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The U.S. Is Only The 19th Best Place In The World For Retirees
For retirees hoping to live long and prosper in their golden years, the U.S. is only the 19th best place to be, according to a new index by the
The humbling report, called the , places Western European countries far ahead of the U.S. in areas like health, finances, quality of life and material well-being.
“The message is clear: You will be called on to finance more of your retirement,” John Hailer, NGAM’s president and chief executive officer, said in a statement.
“Citizens of other industrialized nations can rely on strong social safety nets in old age, at least for now. In the U.S., we encourage
Norway ranked the best out of 150 nations studied, followed by Switzerland, Luxembourg, Sweden and Austria.
The U.S. was also overshadowed by its neighbor to the North, Canada (No. 13), Japan (No. 15), and came in just one spot ahead of the United Kingdom (No. 20).
Here’s where the U.S. falls behind:
A costly health care system. Although the U.S. spends than any other country in the world, consumers are still left to cover a big portion of those costs on their own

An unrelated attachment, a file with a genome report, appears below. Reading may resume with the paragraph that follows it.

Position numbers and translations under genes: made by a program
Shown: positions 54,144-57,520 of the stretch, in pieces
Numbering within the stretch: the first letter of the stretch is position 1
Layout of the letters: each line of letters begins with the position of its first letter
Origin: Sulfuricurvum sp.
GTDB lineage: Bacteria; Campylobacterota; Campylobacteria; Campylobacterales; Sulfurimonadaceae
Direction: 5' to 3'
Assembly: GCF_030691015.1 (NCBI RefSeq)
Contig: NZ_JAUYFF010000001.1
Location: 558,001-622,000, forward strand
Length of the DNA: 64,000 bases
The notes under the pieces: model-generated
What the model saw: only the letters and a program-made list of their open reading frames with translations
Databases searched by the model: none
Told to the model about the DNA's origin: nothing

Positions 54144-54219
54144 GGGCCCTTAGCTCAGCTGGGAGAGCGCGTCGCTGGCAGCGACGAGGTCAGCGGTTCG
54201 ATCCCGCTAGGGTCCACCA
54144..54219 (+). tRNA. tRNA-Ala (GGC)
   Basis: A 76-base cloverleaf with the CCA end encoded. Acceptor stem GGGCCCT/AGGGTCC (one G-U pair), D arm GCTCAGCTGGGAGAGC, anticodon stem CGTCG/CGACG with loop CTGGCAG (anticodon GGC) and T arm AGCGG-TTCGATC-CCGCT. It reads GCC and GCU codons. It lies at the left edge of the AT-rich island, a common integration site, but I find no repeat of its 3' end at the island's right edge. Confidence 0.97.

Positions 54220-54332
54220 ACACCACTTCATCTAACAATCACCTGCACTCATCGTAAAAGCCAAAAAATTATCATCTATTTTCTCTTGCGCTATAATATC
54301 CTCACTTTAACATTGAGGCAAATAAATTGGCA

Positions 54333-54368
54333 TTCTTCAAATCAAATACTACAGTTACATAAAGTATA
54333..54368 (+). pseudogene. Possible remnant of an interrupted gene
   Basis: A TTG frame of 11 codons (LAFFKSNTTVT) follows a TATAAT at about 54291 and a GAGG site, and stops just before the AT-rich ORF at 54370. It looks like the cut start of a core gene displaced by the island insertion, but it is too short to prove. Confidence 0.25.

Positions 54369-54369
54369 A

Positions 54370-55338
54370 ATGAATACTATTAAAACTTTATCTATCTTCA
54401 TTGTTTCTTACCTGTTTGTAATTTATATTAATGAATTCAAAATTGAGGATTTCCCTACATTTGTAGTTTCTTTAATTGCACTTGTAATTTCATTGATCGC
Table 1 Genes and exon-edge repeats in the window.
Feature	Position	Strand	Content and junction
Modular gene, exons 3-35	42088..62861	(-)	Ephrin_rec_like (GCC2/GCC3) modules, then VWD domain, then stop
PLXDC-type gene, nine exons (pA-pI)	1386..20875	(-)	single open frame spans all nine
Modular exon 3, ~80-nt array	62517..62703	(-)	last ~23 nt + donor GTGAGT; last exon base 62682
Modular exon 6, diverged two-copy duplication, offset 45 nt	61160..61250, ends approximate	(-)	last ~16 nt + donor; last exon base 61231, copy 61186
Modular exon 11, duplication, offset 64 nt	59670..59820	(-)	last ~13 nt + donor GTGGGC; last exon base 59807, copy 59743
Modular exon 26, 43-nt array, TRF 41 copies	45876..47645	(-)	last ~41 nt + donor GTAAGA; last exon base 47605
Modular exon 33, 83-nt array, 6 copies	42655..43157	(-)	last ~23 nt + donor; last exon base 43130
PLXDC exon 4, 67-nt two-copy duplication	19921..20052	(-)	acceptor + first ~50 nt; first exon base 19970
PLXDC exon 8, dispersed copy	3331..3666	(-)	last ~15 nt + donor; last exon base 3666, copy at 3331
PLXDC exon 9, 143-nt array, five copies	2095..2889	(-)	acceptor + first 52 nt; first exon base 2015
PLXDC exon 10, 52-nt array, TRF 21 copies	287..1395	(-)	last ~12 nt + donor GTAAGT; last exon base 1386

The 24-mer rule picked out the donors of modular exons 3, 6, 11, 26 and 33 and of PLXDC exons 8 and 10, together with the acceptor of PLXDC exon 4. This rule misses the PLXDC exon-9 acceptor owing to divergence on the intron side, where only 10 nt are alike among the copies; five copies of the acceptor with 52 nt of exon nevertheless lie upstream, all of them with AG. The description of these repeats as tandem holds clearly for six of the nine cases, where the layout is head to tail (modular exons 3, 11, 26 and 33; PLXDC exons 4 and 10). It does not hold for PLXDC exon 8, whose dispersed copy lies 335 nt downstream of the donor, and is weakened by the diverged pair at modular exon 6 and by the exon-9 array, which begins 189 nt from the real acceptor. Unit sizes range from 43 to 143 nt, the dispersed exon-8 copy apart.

Aging boomers. Americans are living longer than ever, but federally-sponsored social programs that so many older consumers rely on today may not be able to sustain future retirees. According to NGAM,
Retirement savings deficit. It should come as no surprise that more consumers are relying on social programs to supplement their income in old age. The Great Recession played its roll in pummeling nest eggs for millions of workers, but U.S. workers aren’t exactly known for their savvy savings strategy to begin with. More than 53% of American workers 30 and older are on a path that will leave them unprepared for retirement, according to a recent U.S. Senate Report. And as it stands, o